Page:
Israelis could pay NIS 5 billion less annually for food if government, importer, producer and retail profits conformed to the European average,says a recent study. Business Data Israel compared food price and profit data in Israel and Europe and determined that the food sector is more profitable in Israel.
Researchers compared gross profit figures as well as customs duties in a number of countries.
Israel’s government earns an estimated 1.5% more than the European average from customs duties on food, BDI chief executive Eyal Yanai said Monday.
BDI’s survey of European supermarket chains found an average gross profit rate of 22%-28%, compared to 23%-30% at Israel’s leading supermarkets. In addition, the gross profits of Israeli importers and manufacturers are 2% to 3% higher than their European counterparts.
“These may sound like small percentages, but in a market worth NIS 100 billion each percentage point is worth NIS 1 billion,” Yanai said. Total private spending on food in Israel was NIS 88.3 billion in 2010.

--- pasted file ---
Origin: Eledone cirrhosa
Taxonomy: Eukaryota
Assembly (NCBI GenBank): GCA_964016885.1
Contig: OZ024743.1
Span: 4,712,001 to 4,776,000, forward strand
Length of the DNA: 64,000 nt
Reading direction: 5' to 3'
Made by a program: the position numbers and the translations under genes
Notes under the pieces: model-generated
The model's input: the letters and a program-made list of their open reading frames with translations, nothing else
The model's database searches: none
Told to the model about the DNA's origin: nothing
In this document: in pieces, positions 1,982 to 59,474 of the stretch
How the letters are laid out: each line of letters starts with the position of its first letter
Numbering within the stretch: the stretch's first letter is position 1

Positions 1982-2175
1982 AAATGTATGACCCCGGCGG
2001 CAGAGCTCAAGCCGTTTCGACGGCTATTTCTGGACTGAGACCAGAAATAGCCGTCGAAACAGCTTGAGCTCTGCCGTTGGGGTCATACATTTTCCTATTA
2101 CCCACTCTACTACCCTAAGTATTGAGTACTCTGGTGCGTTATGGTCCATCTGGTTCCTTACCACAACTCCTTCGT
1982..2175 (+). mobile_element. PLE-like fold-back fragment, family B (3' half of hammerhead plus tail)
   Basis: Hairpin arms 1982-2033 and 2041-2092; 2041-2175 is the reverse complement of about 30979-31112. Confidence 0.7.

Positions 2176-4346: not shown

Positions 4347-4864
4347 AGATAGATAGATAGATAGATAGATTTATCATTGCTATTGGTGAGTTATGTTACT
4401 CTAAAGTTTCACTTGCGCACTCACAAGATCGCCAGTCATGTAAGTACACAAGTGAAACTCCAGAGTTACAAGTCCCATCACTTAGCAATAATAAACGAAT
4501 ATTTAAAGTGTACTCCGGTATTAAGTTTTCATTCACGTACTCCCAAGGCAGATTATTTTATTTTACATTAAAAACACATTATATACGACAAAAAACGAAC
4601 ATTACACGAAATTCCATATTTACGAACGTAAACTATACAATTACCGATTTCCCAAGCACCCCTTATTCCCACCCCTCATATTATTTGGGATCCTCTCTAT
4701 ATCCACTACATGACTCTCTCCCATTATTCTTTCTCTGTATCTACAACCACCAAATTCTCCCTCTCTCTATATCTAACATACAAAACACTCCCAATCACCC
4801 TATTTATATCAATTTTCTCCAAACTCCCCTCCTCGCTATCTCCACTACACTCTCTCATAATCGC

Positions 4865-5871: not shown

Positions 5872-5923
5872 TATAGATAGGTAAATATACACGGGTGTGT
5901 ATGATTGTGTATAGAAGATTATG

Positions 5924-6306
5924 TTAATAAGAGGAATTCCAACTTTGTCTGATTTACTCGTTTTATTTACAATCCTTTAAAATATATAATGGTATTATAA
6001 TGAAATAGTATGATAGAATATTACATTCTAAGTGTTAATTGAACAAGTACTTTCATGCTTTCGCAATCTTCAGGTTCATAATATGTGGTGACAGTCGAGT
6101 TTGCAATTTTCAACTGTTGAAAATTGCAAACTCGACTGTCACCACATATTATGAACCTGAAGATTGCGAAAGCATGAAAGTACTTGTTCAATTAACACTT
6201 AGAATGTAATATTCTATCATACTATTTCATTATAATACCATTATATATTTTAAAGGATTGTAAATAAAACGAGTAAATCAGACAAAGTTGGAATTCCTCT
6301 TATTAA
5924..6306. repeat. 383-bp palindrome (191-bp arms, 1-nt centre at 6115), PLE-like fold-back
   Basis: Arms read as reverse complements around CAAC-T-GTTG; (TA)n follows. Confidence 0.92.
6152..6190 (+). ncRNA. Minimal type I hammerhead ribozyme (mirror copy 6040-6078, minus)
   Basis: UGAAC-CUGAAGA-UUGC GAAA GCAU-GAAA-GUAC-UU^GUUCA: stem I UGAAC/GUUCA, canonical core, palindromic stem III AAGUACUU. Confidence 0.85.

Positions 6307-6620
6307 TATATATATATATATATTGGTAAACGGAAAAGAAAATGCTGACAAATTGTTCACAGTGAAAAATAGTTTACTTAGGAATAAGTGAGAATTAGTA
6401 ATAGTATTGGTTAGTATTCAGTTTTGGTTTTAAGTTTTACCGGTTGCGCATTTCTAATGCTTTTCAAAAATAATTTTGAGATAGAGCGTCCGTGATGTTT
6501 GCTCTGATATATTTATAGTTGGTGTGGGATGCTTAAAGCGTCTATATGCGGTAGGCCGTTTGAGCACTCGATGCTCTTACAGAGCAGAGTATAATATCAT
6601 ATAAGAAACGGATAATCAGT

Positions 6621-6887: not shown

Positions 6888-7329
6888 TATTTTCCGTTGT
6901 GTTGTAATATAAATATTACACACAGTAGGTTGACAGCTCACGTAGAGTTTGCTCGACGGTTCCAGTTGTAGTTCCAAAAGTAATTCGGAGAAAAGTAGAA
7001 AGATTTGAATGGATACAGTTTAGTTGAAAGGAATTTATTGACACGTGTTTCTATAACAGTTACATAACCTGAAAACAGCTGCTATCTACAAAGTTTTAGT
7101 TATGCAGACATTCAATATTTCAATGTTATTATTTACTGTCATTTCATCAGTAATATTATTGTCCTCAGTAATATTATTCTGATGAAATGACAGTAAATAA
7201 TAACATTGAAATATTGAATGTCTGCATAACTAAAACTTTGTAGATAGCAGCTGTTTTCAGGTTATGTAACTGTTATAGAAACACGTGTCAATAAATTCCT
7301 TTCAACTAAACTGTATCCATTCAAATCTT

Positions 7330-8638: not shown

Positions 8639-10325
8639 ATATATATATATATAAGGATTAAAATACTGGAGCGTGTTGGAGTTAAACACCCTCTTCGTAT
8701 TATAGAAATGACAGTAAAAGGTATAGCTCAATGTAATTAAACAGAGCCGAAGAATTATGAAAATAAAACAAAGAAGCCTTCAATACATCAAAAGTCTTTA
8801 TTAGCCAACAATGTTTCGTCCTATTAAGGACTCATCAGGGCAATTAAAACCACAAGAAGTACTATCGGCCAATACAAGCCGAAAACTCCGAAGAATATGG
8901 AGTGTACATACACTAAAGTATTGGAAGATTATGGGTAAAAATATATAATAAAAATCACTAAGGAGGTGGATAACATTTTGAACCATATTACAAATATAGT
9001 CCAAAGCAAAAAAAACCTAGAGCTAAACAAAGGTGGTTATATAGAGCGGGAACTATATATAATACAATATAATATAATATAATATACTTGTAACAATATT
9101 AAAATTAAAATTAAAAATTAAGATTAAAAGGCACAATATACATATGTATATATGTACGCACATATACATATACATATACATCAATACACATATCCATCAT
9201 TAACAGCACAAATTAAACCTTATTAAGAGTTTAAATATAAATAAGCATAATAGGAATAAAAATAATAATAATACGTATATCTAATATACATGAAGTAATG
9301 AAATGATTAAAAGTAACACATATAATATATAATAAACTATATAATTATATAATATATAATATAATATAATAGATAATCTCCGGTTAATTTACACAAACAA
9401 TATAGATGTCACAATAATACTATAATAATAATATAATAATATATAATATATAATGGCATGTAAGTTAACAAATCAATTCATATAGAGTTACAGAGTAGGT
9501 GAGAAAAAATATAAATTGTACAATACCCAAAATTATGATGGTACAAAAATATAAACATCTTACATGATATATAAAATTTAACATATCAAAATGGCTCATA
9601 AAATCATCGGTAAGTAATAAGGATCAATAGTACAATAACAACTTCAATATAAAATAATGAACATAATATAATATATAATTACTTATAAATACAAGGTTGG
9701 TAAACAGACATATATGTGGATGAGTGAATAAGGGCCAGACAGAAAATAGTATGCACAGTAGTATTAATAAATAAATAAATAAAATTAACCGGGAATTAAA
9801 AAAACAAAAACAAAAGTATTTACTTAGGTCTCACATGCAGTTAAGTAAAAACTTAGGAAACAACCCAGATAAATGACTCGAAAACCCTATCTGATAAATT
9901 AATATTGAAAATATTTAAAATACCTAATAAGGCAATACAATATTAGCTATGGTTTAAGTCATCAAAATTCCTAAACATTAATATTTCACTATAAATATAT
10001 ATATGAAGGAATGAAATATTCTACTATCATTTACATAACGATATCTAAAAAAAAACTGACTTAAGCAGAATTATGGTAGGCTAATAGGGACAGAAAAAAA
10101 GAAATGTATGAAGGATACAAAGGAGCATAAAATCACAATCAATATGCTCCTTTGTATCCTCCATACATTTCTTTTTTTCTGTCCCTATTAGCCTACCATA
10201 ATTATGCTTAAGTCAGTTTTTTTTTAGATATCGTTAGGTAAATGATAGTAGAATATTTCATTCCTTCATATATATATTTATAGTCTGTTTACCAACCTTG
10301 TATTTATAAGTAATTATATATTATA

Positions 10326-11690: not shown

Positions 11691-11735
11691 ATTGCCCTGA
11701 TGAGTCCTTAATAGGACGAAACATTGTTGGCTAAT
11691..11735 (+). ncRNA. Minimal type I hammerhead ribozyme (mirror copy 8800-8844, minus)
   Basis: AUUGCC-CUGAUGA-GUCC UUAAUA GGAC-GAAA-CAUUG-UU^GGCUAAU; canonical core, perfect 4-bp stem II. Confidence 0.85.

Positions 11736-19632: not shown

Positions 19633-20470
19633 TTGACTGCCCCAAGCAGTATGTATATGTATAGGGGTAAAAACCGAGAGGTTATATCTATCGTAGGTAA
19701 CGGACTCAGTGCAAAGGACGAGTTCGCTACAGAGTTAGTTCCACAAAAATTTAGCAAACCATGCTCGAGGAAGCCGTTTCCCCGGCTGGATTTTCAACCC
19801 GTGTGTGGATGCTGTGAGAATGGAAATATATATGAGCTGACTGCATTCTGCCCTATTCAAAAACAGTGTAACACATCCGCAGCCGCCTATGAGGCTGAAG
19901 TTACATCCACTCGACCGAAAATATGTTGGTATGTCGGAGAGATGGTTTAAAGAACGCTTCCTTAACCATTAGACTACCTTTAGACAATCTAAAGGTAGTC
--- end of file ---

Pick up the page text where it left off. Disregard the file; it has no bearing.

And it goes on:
“This shows that the gross profits of supermarkets, importers and manufacturers could be reduced by a total of 5%, which is worth NIS 4.5 billion, cutting consumer prices. If the state also forgoes 1.5% consumers will save even more,” Yanai said. The gap was created over time, and could be reduced slowly as well, he said. “Given what’s going on in the economy, it will come in the wake of consumer pressure and more intelligent consumer choices. If the pressure is strong enough, consumers will find they can save up to NIS 5 billion.”
The cuts will retailers and producers to become more efficient, Yanai said.
“When gross profit is too high, businesses have a tendency to be less efficient,” Yanai said.
“For supermarket chains this can be seen in the opening of more stores, in the size of the outlets, the salaries and the bonuses. For the producers it’s an issue of wages, bonuses and manufacturing processes,” Yanai said.
Food prices in Israel have increased 31% since 2005, compared to 20% in European Union member states. That 11% comes at consumers’ expense, said Yanai. “The state, consumer and manufacturer profits are primarily from price increases that are unrelated to the cost of raw materials,” he said.
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